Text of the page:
Georgia: Tax-Friendly for Retirees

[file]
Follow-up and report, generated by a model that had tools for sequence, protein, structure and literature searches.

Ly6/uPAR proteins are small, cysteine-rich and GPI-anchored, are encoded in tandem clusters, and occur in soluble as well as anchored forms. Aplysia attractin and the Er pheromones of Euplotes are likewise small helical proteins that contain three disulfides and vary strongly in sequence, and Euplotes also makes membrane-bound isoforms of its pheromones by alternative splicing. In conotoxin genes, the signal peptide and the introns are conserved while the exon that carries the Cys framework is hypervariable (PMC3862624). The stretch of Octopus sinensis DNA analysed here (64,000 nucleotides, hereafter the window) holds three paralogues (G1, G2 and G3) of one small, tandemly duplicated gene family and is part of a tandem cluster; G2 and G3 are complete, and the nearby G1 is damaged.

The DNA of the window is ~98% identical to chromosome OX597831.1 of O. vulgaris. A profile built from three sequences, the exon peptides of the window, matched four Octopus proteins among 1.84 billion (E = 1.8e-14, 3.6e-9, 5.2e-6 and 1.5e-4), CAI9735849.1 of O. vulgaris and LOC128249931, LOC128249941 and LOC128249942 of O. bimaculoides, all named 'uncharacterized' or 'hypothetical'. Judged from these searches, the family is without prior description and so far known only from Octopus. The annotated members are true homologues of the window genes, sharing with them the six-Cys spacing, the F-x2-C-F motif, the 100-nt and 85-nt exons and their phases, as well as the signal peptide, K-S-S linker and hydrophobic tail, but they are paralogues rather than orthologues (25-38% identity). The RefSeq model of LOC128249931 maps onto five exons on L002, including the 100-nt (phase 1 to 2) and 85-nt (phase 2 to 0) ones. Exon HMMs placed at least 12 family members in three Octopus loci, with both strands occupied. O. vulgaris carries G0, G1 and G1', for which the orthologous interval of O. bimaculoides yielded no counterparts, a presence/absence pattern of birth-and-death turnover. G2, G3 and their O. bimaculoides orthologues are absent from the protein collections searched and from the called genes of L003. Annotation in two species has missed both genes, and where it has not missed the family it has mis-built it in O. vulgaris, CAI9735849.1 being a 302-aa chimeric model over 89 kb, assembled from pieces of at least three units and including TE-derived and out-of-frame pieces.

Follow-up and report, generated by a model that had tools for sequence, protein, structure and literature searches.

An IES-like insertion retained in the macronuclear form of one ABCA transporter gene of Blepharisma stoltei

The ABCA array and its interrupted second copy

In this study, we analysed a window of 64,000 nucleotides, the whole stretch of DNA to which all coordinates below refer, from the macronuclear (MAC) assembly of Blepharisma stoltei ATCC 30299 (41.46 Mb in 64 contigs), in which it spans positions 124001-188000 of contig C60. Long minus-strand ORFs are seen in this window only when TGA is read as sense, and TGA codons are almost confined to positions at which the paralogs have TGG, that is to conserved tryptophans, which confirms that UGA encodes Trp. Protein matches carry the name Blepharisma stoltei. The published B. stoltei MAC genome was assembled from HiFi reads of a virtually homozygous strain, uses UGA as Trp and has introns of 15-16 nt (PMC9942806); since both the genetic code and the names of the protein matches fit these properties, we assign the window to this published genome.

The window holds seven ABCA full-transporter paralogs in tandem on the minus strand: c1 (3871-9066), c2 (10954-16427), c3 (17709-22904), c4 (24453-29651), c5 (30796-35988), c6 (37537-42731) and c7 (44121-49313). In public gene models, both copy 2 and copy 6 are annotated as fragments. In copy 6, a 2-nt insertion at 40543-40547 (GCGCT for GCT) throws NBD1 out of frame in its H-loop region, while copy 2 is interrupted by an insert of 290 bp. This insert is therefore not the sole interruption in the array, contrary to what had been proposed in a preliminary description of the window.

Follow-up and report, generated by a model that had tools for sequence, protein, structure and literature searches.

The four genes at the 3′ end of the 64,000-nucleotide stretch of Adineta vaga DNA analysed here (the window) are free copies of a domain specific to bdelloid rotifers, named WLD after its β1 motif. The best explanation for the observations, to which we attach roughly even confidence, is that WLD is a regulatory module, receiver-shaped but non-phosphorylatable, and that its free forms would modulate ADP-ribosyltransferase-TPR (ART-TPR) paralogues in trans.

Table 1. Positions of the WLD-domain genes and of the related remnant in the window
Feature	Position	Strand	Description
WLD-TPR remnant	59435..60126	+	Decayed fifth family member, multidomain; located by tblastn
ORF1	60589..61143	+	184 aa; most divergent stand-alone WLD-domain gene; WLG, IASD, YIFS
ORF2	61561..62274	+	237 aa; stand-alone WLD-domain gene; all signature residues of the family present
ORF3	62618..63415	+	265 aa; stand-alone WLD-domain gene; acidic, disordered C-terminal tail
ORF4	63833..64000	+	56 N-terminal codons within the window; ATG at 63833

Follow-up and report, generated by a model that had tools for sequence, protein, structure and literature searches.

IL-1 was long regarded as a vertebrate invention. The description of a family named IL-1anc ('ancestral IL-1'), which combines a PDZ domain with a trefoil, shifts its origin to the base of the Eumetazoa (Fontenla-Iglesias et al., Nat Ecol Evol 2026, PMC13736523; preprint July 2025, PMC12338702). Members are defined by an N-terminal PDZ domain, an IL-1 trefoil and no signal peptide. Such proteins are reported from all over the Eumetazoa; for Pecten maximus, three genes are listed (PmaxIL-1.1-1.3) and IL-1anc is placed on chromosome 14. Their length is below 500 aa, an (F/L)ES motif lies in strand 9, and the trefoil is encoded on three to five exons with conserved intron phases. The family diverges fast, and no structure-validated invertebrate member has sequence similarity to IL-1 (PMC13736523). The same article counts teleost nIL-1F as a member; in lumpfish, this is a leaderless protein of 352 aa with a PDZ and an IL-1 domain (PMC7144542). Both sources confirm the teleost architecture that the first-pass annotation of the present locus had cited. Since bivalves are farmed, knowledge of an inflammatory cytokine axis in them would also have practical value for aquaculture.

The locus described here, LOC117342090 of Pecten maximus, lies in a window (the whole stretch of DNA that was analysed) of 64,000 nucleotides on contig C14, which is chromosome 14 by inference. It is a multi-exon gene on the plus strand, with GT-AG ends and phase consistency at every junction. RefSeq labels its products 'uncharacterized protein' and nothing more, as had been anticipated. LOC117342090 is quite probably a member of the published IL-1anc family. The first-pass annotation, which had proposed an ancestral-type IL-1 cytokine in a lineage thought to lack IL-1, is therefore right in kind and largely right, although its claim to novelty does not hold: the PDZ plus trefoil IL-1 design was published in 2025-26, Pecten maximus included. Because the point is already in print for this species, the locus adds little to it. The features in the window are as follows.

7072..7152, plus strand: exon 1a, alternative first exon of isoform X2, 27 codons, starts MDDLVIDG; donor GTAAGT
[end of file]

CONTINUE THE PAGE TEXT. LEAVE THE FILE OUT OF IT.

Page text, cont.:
Most Georgia retirees find Georgia to be tax-friendly. Kiplinger’s Retiree Tax Map, Washington, D.C. – based, lists Georgia as the #7 tax-friendly state for retirees. Though it has dropped from #5 in 2015, it still remains a very good tax environment for retirees. Kiplinger’s reveals senior tax breaks across all 50 states and compares taxes on income, including Social Security benefits, pensions and other forms of retirement income, property, everyday purchases and, ultimately, your estate. The top 10 tax-friendly states for retirees, in order are: Alaska, Wyoming, Nevada, Mississippi, South Dakota, Florida, Georgia, Delaware, Louisiana, and Tennessee. In Georgia, Social Security income is exempt and so is up to $35,000 of most types of retirement income for those age 62 to 64. For those 65 and older, the exemption is $65,000 per taxpayer. The statewide sales tax is 4 percent, but jurisdictions may add up to 4 percent of their own taxes. Also, seniors may qualify for deductions from property taxes. Adding to Georgia’s appeal is that state tax breaks on retirement income from pensions and investments are saving older Georgians about $864 million this year., publishers of personal finance advice and business forecasts, released its information on Monday, October 26th. Wealthy retirees with pensions and IRAs especially get a good deal in Georgia. The ranking was based on several state tax policies such as Georgia’s exemptions from estate, inheritance and Social Security taxes as well as its four percent statewide sales tax. There are questions related to Kiplinger’s rankings, whether they took into account the fact that Georgia can levy up to a four percent sales tax, including that on groceries. According to Carl Davis, research director with the Institute on Taxation and Economic Policy, those taxes on groceries would be more significant to seniors than the state’s estate tax exemption. There is also concern that the rankings ignore the diverse nature of retirees. Davis continued, that “low-income seniors living on Social Security are impacted by state and local taxes in a very different way than a middle-income person collecting a pension or a very high-income person living off their investments.” Sandra Block, senior associate editor at Kiplinger’s Personal Finance, revealed that Kiplinger’s tries to provide as much information on taxes that most seniors pay so that individuals can draw their own conclusions. Others contend that housing and energy costs, two of the biggest expenses for seniors, rather than state tax policies, are likely to be a retiree’s primary consideration in deciding where to live. For additional information go to:



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